Archive for June, 2009

Back again. After the overview on Frontiers of Interaction V in the previous article we’ll present our contribution to the event.

Fake Press. Ubiquitous Publishing.

Ubiquitous publishing and Ubiquitous Anthropology. The next-step in publishing practices and platforms, united with a research on the possibilities offered by location based technologies and by novel approaches to knowledge dissemination, communication and expression. We (Luca Simeone and Salvatore Iaconesi) presented our research at Frontiers of Interaction V in Rome (June 2009), together with the first two applications and an open call.

Everything starts off from the idea of a contemporary evolution of publishing practices. Technologies, the possibility to create platforms to enable relation, expression and emotion and the availability of tools to share, disseminate and interact on knowledge and cultural productions, are all factors that made us feel the fundamental importance of designing new concepts and practices.

The scenarios described by location-based media, by the possibility to mix and cross the borders across different media, and the infinite spaces created by augmented reality were the influences that shaped our research.

We investigated on how technologies and new forms of interactions with other people and with places, time, architectures and objects would change the ways in which information can be created, communicated, shared and distributed. From an anthropological point of view we asked ourselves where would faces and voices emerge from, the self-expressions and representations of people and of their identities. And we also questioned the destinations for these informations, observing the fluid, mutating scenarios that surround us, with wireless, localized, immaterial, augmented layers of reality stratifying on top of the merely-physical one, creating totally new worlds in which information can become part of bodies, of architectures, of spaces, walls, trees, objects.

Displays, interstices, coordinates, tags And gestures, natural interfaces and moving, walking. Using the body to move through space as in an action of reading. We were truly intrigued by the transofrmation of space, by its augmentation with new narratives, new possibilities for the expression of the multiple voices and points of view that constitute the world.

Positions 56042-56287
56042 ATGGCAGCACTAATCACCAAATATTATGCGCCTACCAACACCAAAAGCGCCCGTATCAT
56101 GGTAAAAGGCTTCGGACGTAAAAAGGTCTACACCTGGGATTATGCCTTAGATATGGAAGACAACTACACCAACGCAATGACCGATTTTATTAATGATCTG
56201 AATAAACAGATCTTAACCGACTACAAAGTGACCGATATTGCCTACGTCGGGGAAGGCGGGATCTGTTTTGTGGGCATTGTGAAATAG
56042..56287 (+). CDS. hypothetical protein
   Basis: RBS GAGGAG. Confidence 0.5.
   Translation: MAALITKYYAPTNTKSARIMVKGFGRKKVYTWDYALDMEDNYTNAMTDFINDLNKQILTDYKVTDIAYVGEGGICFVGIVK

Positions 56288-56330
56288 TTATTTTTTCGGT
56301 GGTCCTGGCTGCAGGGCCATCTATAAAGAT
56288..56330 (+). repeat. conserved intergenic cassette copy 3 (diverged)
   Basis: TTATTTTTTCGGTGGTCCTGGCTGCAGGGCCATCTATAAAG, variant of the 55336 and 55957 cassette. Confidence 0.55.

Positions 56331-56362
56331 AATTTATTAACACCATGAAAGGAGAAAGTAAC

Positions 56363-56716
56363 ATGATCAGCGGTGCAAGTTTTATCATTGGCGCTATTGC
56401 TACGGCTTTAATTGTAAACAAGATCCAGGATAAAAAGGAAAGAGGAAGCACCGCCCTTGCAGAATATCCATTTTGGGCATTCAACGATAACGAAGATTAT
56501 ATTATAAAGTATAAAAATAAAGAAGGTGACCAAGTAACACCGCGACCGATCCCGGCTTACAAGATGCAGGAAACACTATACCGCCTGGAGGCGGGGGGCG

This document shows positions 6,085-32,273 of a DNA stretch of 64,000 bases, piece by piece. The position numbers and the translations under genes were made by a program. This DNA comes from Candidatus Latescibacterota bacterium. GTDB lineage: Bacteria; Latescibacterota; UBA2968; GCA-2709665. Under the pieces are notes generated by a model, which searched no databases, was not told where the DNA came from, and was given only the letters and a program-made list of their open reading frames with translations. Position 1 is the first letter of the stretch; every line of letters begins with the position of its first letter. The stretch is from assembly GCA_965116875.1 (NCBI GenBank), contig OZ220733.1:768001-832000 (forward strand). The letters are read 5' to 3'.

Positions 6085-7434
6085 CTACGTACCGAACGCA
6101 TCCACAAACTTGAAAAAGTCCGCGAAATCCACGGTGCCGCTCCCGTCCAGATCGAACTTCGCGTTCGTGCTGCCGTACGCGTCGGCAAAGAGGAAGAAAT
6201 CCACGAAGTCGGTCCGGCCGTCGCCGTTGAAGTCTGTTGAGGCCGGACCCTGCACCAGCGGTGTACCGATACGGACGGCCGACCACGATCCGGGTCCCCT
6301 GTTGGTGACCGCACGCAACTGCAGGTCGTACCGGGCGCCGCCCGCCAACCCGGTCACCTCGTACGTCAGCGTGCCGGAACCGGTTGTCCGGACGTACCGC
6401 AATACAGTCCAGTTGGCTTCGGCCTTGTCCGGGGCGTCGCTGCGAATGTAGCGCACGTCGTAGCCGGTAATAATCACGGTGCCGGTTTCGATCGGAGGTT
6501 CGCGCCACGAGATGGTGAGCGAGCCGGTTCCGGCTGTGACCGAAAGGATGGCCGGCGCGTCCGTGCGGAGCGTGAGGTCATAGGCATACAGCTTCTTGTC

So we designed our very own interpretaton for the idea of Ubiquitous Publishing. Cross-device, cross-medial, multi-author, emergent narratives.

The first idea was iSee, an application that allows for the creation of narratives on logos and brands. The application allows people to use their mobile phones to extract information directly from logo images: take a picture of your favourite detergent and, if the logo is already part of the collaborative database, you can get information from it.

Logo identifies brand, identifies company.

We suggested some possibilities, showing informations on social responsibility, on environmental policies, on the pollution rates connected to product manufacturing. Products come alive and communicate, in a simple, accessible form of augmented reality in which information is embedded into objects.

The second idea was Ubiquitous Anthropology.

A location-based platform allows for the positioning of the expressions, emotions and perspectives of multiple voices. These can be accessed through mobile technologies directly from the geographical locations, allowing people to experience and come in contact with other’s points of view and ideas.

In this form the world itself becomes “readable”. Reading by crossing spaces and architectures.

Reading other people’s texts, watching the images and videos they captured with their cameras, observing their evolution through time an through relations with other people.

The first application shown on this theme, was created by positioning onto the territory the results of a foundamental research by professor Massimo Canevacci and several students and researchers, who travelled many times to Mato Grosso, Brasil, and performed researches on the Bororo. Videos and images created by the Bororo were positioned onto the geography, thus creating a layer of interpretation of land, events and relations that is not covered in any way by classical media, and that allow us to “read” directly on the territory how the members of these populations interpret their land, the other populations they interact and relate with, their culture.

The system has provided as a incredibly useful tool to communicate these population’s political instances. The Bororo are not represented in Brasil’s institutions, allowing for unlimited exploitation of their lands and people. The possibilities offered by the platforms allowed us to write Bororo’s political instances, their desires and expectations, directly in the “places of power” of Brasil’s government. In Brasilia, several institutional buildings have been tagged with the videos and texts of their political demands, thus creating the only form of institutional presence that is currently allowed and accessible for them. In the idea that giving people the control on media and on their own expression and communication is possibly the only viable way to freedom and auto-determination.

The two examples constitute real applications that will be made available and downloadable online on the FakePress website in just a few days from the date of creation of this post. They are currently being enhanced to form functioning frameworks that can be used for these and other projects.